Headset or not, I'm looking forward to the big show. Game one is scheduled for 11 November. That's a public holiday in many countries.

14 September 2016

The Best Psychological Chance

Garry Kasparov as chess commentator is always as interesting and as entertaining as he was during his heyday as a chess player. Here he is with Jennifer Shahade and Yasser Seirawan during the last round of the recent Sinquefield Cup.

Garry Kasparov, Commentator - 2016 Sinquefield Cup - Grand Chess Tour Round 9 (52:59) • 'Source : Chess Club and Scholastic Center of Saint Louis - YouTube'

At one point [around 30:20 into the video clip] GM Seirawan asks about Kasparov's fourth World Championship match against Karpov.

YS: Thought process: One of the hardest things in chess is to win on demand. For me, one of your greatest achievements was Seville [1987] game 24. You're trailing in the match 12-11. You have one and one result only : you have to win with White. [GK: And I was playing Karpov!] And you accomplished it. How do you play for a win on demand? In your game with Karpov, you wanted to play a long, slow game and just let his nerves... • GK: Yes, I thought it would be a game of nerves and I thought the best psychological chance...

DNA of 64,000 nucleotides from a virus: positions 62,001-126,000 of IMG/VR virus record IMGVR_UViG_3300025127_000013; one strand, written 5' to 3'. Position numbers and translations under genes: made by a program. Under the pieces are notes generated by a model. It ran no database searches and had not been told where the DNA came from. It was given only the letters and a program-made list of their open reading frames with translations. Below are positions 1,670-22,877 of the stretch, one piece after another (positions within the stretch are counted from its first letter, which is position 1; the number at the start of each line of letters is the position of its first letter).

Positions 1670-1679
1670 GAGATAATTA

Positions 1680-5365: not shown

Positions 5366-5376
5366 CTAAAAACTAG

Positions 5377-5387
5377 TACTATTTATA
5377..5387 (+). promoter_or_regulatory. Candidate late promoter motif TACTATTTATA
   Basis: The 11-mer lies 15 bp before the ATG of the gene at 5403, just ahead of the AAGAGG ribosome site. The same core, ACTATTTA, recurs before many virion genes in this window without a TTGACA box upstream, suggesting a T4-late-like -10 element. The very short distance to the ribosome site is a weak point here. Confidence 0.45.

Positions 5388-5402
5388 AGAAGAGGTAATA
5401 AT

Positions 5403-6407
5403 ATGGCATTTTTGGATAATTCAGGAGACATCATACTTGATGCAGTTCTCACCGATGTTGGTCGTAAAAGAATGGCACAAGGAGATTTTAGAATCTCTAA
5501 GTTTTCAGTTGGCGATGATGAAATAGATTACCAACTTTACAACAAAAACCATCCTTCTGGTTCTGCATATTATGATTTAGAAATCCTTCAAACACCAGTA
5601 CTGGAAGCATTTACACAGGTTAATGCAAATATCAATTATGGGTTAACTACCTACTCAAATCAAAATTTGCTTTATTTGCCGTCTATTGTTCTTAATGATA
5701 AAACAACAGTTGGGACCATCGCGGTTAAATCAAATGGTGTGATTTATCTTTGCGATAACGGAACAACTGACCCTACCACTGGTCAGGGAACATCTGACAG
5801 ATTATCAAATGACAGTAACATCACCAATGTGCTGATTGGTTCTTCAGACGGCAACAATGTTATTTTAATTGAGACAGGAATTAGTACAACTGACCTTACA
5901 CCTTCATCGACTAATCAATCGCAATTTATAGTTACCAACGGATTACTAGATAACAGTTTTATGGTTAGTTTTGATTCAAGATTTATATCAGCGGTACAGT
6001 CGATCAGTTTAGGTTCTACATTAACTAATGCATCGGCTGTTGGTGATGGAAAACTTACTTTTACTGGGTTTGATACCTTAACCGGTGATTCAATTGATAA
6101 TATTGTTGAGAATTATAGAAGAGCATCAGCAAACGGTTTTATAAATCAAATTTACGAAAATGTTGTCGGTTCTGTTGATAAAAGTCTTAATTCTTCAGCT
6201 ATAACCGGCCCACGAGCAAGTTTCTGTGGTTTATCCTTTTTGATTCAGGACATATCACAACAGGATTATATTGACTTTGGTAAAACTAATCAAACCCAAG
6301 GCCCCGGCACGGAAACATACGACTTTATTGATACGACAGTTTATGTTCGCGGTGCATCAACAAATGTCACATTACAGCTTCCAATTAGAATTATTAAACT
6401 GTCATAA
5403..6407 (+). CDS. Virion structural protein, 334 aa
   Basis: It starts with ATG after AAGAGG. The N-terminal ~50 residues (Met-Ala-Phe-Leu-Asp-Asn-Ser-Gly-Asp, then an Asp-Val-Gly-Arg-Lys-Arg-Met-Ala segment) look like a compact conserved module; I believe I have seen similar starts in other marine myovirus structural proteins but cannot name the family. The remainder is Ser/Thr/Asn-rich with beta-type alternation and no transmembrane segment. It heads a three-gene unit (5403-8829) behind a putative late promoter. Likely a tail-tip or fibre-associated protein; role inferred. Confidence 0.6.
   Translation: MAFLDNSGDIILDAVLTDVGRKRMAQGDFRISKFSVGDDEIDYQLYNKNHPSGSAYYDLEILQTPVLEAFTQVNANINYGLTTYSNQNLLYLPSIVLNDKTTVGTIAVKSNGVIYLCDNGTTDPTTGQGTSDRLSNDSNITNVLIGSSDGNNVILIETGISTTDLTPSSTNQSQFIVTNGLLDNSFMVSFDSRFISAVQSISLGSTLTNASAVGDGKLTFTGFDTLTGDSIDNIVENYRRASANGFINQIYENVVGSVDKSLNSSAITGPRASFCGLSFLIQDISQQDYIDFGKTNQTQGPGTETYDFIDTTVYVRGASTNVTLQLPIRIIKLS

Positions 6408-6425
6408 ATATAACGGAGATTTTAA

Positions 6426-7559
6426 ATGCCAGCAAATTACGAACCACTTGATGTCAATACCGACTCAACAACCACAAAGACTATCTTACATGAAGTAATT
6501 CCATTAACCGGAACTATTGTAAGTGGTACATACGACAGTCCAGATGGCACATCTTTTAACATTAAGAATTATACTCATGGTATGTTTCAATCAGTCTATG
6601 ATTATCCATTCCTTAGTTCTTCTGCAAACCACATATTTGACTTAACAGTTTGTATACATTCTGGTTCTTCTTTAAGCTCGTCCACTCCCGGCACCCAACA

Kasparov goes on to explain.

GK: In a last round game, the last game of the match -- a long, marathon match, ten weeks -- you don't play a game of beauty. It's all about creating psychological discomfort for your opponent. I thought that if we had a slow game, Karpov would be under pressure to simplify the position, even by making little concessions, concession after concession, because he wanted to finish the game, he wanted to reach a position where he would be out of danger. But by trying to force it, without contemplating the potential consequences, he could give me some chances. And it worked out nicely. He was gradually making his position worse and worse, he gave me a big chance and blundered in time trouble. We entered the adjournment with me having an extra Pawn and Karpov couldn't survive under the pressure.